Outcome of college applications cause possible letdowns

Outcome of college applications cause possible letdowns

Maeve Plunkett, asst. opinions editor

Going into my senior year there were two things I feared most in the world: dying and not getting into any colleges. They say you have to face your fears, and I guess they were right about one of them.

In the span of two and a half weeks, I opened my email to rejection and waitlist notifications dribbling in. I barely held it together until my mom came into my room with tears in her eyes and two small envelopes in her hands on March 28. That was the night it all ended. And I didn’t get a single acceptance. Me, Maeve, the academy kid, the one who unabashedly raises her hand and uses the word “unabashedly” didn’t get accepted into a single college

So what is one to do after that news? Cry. Cry some more. Hug your parents who maybe need to cry even more than you do. And then, somehow, go to sleep.

During the next few days, I spent time scrolling through Facebook posts of everyone committing, wanting to be thrilled for them but unable to lose the pit in my stomach. But, you know, I had all of the political posts to distract me.

And then it struck me- the one person I could truly relate to was Hillary Clinton. She worked her entire life, almost never making the wrong move, so she could get the one thing she wanted. And then the universe said “suckah” and threw a Cheeto-colored explosive which starts with “T” and rhymes with “slump” in her path and everything went straight to crap.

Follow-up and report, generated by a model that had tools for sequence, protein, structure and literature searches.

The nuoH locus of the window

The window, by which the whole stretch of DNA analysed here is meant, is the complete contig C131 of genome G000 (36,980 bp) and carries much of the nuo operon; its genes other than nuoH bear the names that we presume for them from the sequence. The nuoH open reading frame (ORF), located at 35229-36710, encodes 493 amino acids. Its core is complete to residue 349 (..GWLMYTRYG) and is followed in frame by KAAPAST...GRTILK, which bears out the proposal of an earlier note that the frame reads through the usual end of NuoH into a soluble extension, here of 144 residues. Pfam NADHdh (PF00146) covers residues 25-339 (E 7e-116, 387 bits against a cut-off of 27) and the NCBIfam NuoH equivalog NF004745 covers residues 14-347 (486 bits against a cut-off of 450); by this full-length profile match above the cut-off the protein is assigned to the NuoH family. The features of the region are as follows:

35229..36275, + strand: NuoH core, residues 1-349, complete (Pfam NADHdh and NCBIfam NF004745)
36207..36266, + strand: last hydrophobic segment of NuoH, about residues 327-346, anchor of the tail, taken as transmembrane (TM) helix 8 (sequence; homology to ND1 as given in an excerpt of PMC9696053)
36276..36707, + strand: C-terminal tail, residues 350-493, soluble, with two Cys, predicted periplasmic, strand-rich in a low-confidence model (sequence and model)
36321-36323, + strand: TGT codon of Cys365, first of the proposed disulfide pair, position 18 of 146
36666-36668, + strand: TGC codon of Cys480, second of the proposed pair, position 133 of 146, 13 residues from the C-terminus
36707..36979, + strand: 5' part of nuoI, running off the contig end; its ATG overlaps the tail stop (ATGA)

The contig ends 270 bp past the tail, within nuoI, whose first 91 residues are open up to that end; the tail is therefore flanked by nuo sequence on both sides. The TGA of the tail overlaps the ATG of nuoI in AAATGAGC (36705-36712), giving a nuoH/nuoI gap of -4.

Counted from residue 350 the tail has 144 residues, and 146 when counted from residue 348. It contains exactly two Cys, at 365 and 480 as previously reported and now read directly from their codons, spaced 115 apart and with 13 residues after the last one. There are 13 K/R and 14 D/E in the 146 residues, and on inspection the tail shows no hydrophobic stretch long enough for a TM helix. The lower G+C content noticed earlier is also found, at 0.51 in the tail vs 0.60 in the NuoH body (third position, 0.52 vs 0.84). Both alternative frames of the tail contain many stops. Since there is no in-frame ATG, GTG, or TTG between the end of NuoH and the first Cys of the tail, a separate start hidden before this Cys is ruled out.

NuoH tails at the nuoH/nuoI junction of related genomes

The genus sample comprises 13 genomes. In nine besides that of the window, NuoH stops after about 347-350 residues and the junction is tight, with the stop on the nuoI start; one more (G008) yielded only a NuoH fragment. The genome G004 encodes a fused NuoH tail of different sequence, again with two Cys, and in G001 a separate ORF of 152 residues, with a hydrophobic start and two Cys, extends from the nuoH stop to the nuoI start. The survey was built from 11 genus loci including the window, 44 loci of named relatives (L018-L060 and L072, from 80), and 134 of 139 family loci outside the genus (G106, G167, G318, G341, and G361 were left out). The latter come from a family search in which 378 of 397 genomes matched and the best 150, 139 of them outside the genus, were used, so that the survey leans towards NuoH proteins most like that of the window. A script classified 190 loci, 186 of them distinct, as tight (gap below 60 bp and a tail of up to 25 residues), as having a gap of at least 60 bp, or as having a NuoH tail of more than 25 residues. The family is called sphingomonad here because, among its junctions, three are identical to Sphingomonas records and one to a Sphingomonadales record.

I’m not sure if she found the “sad song station” on Pandora in the weeks after her loss like I did, but it seemed to help me. Listening to people soulfully lament their lost loves didn’t make me forget about the crushing weight of all the uncertainties I face, but it did let me grieve.

After a week I figured it was time to take everyone’s (by everyone, I mean like two people) advice and write a handwritten letter to each school I was on the waitlist of. So I sat down and opened up a notebook to draft. First, I wrote the letter I thought everyone wanted me to send- the one that says “you’re my first choice” and “if you let me in I’ll go to you” while somehow not being desperate and subtly bragging about some meaningless accomplishment.

But then I started to write the letter I wanted to send, the letter about how, even after all of this, I’m still proud of everything I put in my applications. Even as far down as I am, I’m not going to lie and promise every school they are my top choice.

I wrote the letters and I read over the two options. There was one page of sucking up, playing the game I despise and schmoozing. Then there were three pages of honest, if brutal, truth.

Somehow, after sealing the envelope on the last one, I couldn’t help but feel free (and some wrist cramping). I am still weighted by a nearly intolerable number of uncertainties. This was one of the worst things that ever could have happened to me, but now I’m free because I no longer have to bear the weight of fearing it.